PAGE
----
Aside from the modern town constructed in the mid 20th century, Fez is divided into two areas: Fez el-Jdid and Fez el-Bali. Fez el Bali is the old medina, where sites most interesting to culture vultures and bargain hunters are located.
Fez el-Bali is a labyrinth of narrow, winding alleys, almost impossible to negotiate without loosing your way. Although you can hire a guide, most travellers are content to wander aimlessly, giving in to the whirligig of unfamiliar sights, sounds and smells.
The Medina itself is divided into different parts, known as souqs, each specialising in a different craft, skill or trade. The streets are crowded with stalls and workshops where you can watch the artisans at work and put your bargaining skills to the test. The sheer range of products you can buy is mind-boggling: leather goods, textiles & yarns, carpets, Moroccan pots, metal ware, jewellery, foodstuffs, henna…enough exotic offerings to empty the pockets of even the most cautious shopper.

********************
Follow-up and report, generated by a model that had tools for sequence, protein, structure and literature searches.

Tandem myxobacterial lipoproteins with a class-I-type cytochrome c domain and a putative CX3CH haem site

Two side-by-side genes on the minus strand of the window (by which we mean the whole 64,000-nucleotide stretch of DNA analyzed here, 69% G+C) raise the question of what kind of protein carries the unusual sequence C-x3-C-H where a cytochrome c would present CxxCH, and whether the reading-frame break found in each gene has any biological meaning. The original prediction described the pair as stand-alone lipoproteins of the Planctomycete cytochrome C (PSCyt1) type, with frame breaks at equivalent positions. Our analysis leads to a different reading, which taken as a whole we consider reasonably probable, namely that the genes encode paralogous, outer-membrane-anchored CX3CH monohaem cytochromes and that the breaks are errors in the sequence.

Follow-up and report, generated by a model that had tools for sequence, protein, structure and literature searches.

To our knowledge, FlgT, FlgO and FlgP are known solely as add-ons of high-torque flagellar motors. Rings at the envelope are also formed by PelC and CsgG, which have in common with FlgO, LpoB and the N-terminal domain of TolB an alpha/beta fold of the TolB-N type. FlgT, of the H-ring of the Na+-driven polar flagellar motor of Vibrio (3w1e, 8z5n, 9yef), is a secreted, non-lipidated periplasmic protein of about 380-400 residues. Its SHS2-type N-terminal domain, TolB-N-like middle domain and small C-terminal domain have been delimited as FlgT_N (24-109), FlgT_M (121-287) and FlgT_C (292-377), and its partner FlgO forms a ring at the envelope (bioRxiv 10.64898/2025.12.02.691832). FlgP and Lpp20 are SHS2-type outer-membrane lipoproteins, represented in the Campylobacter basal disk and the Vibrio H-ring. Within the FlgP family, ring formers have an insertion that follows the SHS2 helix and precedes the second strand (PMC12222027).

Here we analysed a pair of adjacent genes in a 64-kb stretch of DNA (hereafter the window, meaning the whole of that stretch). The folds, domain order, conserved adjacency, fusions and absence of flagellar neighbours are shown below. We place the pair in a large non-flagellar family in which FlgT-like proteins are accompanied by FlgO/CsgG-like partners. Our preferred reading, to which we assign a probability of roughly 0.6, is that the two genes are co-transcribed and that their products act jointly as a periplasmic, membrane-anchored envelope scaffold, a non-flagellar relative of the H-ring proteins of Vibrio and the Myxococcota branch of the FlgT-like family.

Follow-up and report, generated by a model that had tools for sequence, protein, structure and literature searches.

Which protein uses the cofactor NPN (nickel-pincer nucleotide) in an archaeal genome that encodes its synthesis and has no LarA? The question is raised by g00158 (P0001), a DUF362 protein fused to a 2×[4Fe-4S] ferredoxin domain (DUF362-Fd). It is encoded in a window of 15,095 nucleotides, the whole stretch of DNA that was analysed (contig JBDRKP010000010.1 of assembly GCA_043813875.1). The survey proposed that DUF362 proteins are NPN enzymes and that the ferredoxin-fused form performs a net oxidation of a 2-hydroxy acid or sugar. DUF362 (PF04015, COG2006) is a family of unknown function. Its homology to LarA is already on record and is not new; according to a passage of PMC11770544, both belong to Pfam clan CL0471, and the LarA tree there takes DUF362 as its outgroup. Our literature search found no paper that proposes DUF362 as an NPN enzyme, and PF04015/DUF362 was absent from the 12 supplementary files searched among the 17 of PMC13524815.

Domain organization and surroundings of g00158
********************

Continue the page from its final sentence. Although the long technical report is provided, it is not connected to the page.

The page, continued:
Be aware that the Moroccans are accomplished hagglers. The original asking price for any item will be several times it’s true value, and customers are expected to participate in a verbal contest before any deal is clinched. The golden rule of bargaining is stick to your guns and don’t agree to a price you’re not prepared to pay: if the vendor won’t give you a good price simply walk away. Chances are they’ll concede and come after you.
photo: Zeiss Batis 18mm
original size 25000x12500